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Cracker Squire


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Location: Douglas, Coffee Co., The Other Georgia, United States

Sid in his law office where he sits when meeting with clients. Observant eyes will notice the statuette of one of Sid's favorite Democrats.

Thursday, May 31, 2012

Wisconsin Unions See Ranks Drop Ahead of Recall Vote

From The Wall Street Journal:

Public-employee unions in Wisconsin have experienced a dramatic drop in membership—by more than half for the second-biggest union—since a law championed by Republican Gov. Scott Walker sharply curtailed their ability to bargain over wages and working conditions.

Now with Mr. Walker facing a recall vote Tuesday, voters will decide whether his policies in the centrist state should continue—or whether they have gone too far.

The election could mark a pivot point for organized labor.

Mr. Walker's ouster would derail the political career of a rising Republican star and send a warning to other elected officials who are battling unions. But a victory for the governor, who has been leading his Democratic opponent in recent polls, would amount to an endorsement of an effort to curtail public-sector unions, which have been a pillar of strength for organized labor while private-sector membership has dwindled.

That could mean the sharp losses that some Wisconsin public-worker unions have experienced is a harbinger of similar unions' future nationwide, union leaders fear. Failure to oust Mr. Walker and overturn the Wisconsin law "spells doom," said Bryan Kennedy, the American Federation of Teachers' Wisconsin president.

Mr. Walker, 44, has likened his policies to Ronald Reagan's breaking of the air-traffic-controllers union in 1981. He says unions make it difficult to balance budgets while maintaining government services without raising taxes. Backers have poured more than $30 million into his campaign since last year, compared with $3.9 million raised by his opponent, Milwaukee Mayor Tom Barrett, who entered the race in late March.

A victory by Mr. Walker "will be a dramatic signal to local and state politicians they can, in the name of fiscal responsibility, tell unions…to come into parity with private-sector workers, especially on benefits," said Michael Lotito, a San Francisco attorney who represents management in labor disputes and has testified on labor issues before Congress.

The Walker law sharply curbed collective bargaining for nearly all the state's public-employee unions except those for police and firefighters. Unions no longer can represent members in negotiations for better working conditions or for pay raises beyond the increase in inflation.

Unions have spent millions of dollars on TV ads campaigning against Mr. Walker. "Unions are putting a lot on the line and if they win, they win big, but if they lose, they lose even bigger," said Gary Chaison, a professor of industrial relations at Clark University. A loss "will be interpreted as a sign of weakness and a lack of public sympathy."

Organized labor's strength has been declining for 60 years, as unions failed to keep pace with globalization, an increasingly service-oriented economy and more aggressive opposition from employers. Today, just one in eight American workers is a union member compared with more than one in three in the mid-1950s.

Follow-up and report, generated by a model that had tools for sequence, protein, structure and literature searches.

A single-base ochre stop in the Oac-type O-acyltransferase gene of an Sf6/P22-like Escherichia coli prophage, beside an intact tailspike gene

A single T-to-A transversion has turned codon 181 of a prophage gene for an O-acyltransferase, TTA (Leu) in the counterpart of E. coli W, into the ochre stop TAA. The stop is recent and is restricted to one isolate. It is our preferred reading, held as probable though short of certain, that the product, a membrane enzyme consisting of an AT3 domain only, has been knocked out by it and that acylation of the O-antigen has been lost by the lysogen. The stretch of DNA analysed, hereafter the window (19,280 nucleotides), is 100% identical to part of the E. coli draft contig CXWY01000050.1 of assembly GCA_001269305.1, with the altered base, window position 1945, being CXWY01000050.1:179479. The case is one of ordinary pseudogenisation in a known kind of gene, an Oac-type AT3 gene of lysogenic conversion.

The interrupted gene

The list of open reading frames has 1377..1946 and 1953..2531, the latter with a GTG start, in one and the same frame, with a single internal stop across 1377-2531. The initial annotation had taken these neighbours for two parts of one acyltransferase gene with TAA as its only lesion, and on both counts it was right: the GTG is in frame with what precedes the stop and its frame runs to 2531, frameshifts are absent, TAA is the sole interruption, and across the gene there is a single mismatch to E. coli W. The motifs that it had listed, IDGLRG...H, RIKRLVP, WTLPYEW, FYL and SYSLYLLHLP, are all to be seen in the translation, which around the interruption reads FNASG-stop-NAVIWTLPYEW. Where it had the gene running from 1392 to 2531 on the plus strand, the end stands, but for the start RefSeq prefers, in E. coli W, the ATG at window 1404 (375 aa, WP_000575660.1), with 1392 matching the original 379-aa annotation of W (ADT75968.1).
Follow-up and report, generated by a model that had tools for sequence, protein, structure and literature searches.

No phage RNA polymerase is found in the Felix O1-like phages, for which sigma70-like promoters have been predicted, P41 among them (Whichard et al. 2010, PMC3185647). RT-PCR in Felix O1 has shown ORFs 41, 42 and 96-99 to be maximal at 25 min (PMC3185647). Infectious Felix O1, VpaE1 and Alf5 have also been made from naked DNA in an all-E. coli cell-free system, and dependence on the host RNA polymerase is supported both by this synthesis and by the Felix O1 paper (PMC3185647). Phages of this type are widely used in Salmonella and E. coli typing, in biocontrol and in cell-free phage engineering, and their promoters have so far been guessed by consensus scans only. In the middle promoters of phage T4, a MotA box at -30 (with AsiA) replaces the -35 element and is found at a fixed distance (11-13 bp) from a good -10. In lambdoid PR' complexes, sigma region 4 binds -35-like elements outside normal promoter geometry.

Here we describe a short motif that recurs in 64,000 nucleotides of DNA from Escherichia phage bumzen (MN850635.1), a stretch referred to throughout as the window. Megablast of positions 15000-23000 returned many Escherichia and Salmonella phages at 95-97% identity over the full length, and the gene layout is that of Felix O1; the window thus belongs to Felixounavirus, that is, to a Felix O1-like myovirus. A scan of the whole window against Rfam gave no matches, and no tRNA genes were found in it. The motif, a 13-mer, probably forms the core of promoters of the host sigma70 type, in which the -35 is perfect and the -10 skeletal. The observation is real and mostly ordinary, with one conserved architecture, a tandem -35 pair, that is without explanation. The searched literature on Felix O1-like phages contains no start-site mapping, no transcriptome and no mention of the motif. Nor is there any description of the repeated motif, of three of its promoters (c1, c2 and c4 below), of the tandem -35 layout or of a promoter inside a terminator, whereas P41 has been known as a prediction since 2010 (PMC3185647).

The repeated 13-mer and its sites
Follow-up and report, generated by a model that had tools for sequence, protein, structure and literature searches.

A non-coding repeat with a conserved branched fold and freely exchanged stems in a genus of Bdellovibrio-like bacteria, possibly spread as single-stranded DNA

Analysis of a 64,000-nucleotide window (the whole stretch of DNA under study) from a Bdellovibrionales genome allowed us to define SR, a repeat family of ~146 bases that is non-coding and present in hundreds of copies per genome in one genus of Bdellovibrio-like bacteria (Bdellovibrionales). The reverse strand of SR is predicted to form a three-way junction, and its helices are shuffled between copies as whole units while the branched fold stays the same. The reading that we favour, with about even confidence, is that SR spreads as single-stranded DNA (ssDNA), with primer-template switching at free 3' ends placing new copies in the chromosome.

But that decline has come almost entirely in the private sector, where only 7% of workers today are union members. Public-sector union membership rates have held steady at around 37% since 1979, and the number of members has increased, thanks to growth in government employment. In 2009, for the first time, there were more union members in government than in companies.

Monday, May 28, 2012

The Buzz Around Portman, the Un-Palin - He's moderate in style but generally well-liked by his party's conservative wing. Beyond credentials, there is the matter of the political importance of Mr. Portman's home state of Ohio. No Republican has ever won the presidency without carrying it,

Gerald Seib writes in The Wall Street Journal:

As Mitt Romney ponders his choice of a running mate, the case for Ohio's Rob Portman is fairly simple: He wouldn't hurt the Romney cause in any significant ways, and could help it in others.

If that sounds like an underwhelming argument for Sen. Portman, it isn't. In the eyes of some Romney advisers, the one thing the presumptive Republican nominee can't afford to do is replicate his party's 2008 choice of Sarah Palin, who soared on the excitement scale but appeared unprepared for the presidency. She also served as a regular distraction from the actual presidential candidate, Sen. John McCain, and ultimately became a reason to question his judgment.

And if the goal is to avoid a Palin-like experience—well, Rob Portman is the un-Palin of 2012. His résumé is sterling. There is no chance his credentials would be questioned, little chance he would hurt the ticket and only a slim chance he would commit a distracting gaffe.

These aren't small things to a campaign already famous for its methodical approach. Whether they are reason enough for Mr. Romney to pick him is, of course, anybody's guess. But this picture explains why Mr. Portman has, in the past few weeks, gone from oft-mentioned to most-mentioned vice-presidential choice.

The case for Rob Portman starts with that résumé. He served in the House for a dozen years before being elected to the Senate. He was head of White House legislative affairs for President George H.W. Bush, and held two cabinet-level positions—U.S. trade representative and director of the Office of Management and Budget—in the George W. Bush administration. He was part of the congressional supercommittee that tried—and failed—last year to come up with a master deficit-cutting plan.